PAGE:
However, it is important to keep in mind that these theories have been developed without a complete understanding of human behavior (psychologically we know very little about how the brain functions, and everyday we find out something new via research), and most likely will not apply to the general public because of how wide the range of human actions is, and how different everyone is cognitively.6 Additionally, the theories mentioned above may successfully coerce users into buying items impulsively, but they also may not be a good reflection of their true thoughts and choices. A lot of the time, Instagram Reels also display scams– many would find it distasteful to manipulate consumers, not keeping in mind their best interests. Utility, as a whole, is the utmost thing to any consumer (without them even knowing it), and to capitalize on the average unknowing consumer is inherently wrong. Finally, no consumer ever behaves rationally, even though a lot of the theories predict how a rational consumer would act; especially the case with nudge theory and Maslow’s Hierarchy of Needs, the theories talk about how a rational consumer might act when exposed to different situations and circumstances. These theories do explain how humans would act, but the different limitations and impositions make it difficult to apply it everywhere, and make it reliable. 

Another thing of note here is that the survey that I had distributed may also not be perfect. To start off with, the survey was not distributed to a large sample size, and was kept confined to 74 participants which may not be indicative of all the populations in my area or anywhere else. Secondly, since the medium of the survey was through Google Forms, the sample is restricted to those who have a Google account, and have access to a phone to answer the questions that I had included. Although I did my best to include questions that may yield me the most accurate results to work with, sometimes the questions can be misinterpreted by those who answer it, where incorrect or untrue answers may be submitted. Lastly, taking into consideration that the mean age of the participants was 33, the distribution of demographics is surely unbalanced, where most of the answers were from Millennials. If maybe a larger sample size was utilized, the answers would be more accurate and more true to the thoughts of the larger population.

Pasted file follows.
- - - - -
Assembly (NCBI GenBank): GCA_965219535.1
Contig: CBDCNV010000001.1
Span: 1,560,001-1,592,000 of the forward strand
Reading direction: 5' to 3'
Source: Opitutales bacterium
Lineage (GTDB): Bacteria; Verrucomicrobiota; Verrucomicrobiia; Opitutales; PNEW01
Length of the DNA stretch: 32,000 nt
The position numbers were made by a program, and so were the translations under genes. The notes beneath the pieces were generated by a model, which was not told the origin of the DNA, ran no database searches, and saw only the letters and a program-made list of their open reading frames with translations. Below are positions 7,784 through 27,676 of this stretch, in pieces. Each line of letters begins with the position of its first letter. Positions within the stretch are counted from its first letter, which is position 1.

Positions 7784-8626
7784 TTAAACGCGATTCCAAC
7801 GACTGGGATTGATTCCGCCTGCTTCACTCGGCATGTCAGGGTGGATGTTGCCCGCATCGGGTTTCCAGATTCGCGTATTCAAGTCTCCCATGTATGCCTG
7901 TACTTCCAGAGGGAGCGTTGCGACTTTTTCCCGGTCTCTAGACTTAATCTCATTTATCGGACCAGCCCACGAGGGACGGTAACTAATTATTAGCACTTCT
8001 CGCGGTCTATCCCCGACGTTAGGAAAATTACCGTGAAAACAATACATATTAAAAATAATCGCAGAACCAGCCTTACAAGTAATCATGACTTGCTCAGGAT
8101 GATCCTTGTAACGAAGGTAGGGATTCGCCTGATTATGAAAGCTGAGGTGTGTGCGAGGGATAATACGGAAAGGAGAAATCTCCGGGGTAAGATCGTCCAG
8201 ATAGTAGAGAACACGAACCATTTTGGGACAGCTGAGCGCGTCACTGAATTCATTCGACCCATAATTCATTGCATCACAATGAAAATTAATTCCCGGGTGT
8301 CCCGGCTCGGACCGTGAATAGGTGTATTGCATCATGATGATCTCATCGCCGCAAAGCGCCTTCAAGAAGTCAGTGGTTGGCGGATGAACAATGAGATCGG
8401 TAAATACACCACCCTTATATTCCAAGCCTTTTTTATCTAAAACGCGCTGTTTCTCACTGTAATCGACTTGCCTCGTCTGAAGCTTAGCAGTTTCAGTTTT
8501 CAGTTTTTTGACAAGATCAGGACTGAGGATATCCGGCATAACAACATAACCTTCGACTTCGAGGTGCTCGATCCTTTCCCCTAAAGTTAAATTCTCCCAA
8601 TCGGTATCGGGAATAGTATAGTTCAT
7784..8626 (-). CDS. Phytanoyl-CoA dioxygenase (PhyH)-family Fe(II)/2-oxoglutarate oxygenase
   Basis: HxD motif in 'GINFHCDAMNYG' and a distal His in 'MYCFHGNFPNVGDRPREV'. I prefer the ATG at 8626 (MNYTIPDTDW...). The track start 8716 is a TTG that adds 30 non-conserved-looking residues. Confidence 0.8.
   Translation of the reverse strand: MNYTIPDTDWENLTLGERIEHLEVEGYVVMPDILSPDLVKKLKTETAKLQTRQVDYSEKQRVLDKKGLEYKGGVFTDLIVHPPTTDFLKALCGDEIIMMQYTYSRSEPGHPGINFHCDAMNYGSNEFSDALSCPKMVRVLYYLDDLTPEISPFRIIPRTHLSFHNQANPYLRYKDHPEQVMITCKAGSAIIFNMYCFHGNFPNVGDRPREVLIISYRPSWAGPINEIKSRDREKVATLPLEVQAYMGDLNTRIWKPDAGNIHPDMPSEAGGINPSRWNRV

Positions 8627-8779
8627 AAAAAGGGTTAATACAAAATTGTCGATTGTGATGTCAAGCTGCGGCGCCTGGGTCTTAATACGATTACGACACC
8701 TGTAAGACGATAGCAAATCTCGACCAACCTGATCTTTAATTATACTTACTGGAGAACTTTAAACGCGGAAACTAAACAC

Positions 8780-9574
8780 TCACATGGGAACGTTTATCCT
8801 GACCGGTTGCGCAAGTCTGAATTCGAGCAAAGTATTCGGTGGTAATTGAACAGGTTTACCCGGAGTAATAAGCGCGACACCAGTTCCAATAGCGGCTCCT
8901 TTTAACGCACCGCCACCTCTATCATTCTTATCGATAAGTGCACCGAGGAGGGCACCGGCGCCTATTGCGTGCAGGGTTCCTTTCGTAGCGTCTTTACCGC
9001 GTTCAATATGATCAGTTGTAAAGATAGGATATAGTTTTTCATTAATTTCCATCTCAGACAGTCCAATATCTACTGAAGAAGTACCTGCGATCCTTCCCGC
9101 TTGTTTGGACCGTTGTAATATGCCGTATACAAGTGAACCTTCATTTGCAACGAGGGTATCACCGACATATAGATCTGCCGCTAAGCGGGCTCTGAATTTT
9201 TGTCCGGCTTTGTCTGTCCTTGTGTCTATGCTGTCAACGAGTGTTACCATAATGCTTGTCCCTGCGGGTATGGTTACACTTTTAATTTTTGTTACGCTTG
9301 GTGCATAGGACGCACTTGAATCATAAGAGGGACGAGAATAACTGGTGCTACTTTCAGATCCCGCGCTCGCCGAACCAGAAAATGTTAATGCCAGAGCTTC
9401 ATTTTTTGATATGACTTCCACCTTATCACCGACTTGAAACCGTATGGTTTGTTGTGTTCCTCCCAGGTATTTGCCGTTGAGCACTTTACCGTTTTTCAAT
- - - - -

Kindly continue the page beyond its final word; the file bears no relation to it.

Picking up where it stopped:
To conclude my research, my initial hypothesis was proven wrong by the survey I conducted: I went in with the preconceived notion that since Gen-Z is more active on the app, they would be more exposed to the adverts on Instagram Reels, and hence would buy many products that were either advertised by the app or from the app itself. However, it turned out to be the older demographic, Millennials and older, that were buying from the platform (usually items like clothes, accessories, and shoes). The above theories, Maslow’s Hierarchy of Needs, Nudge theory and the theory of bounded rationality try and explain the motives and the strategies a rational consumer would apply, but fail to take into account the fact that there are  downsides, namely that most consumers don’t have homogenous actions, and are rather unique with their thought processes and how they react to different stimuli.

Works Cited 

Bhushan. (2023, July 13). The Impact of Shorts and Reels on Attention Span: Strategies to Enhance Focus. Medium. Retrieved June 22, 2024, from 

https://medium.com/@kbhushan19/the-impact-of-shorts-and-reels-on-attention-span-strat egies-to-enhance-focus-81dcb9461a3 

Cozma, I. (2024, May 24). Short-Form vs Long-Form Video Content: EXPERT Tips to Choose the Best Format for Your Marketing Goals. inBeat Agency. Retrieved June 23, 2024, from https://inbeat.agency/blog/short-form-vs-long-form-video-content 

Harrison, T., & Himelstein, T. (2023). Short videos, shorter attention. The Lowell. https://thelowell.org/14372/uncategorized/short-videos-shorter-attention/ Hoang, P. (2022). Business Management 5th Edition. IBID Press. 

Lam, V., Moskal, E., & Conley, M. (2016, November 8). "We know very little about the brain": Experts outline challenges in neuroscience. Stanford' SCOPE. Retrieved June 23, 2024, from 

https://scopeblog.stanford.edu/2016/11/08/challenges-in-neuroscience-in-the-21st-centur y/ 

Tragakes, E. (2020). Economics for the IB Diploma Coursebook with Digital Access (2 Years). Cambridge University Press. 

Witynski, M. (n.d.). What is behavioral economics? UChicago News. Retrieved June 22, 2024, from https://news.uchicago.edu/explainer/what-is-behavioral-economics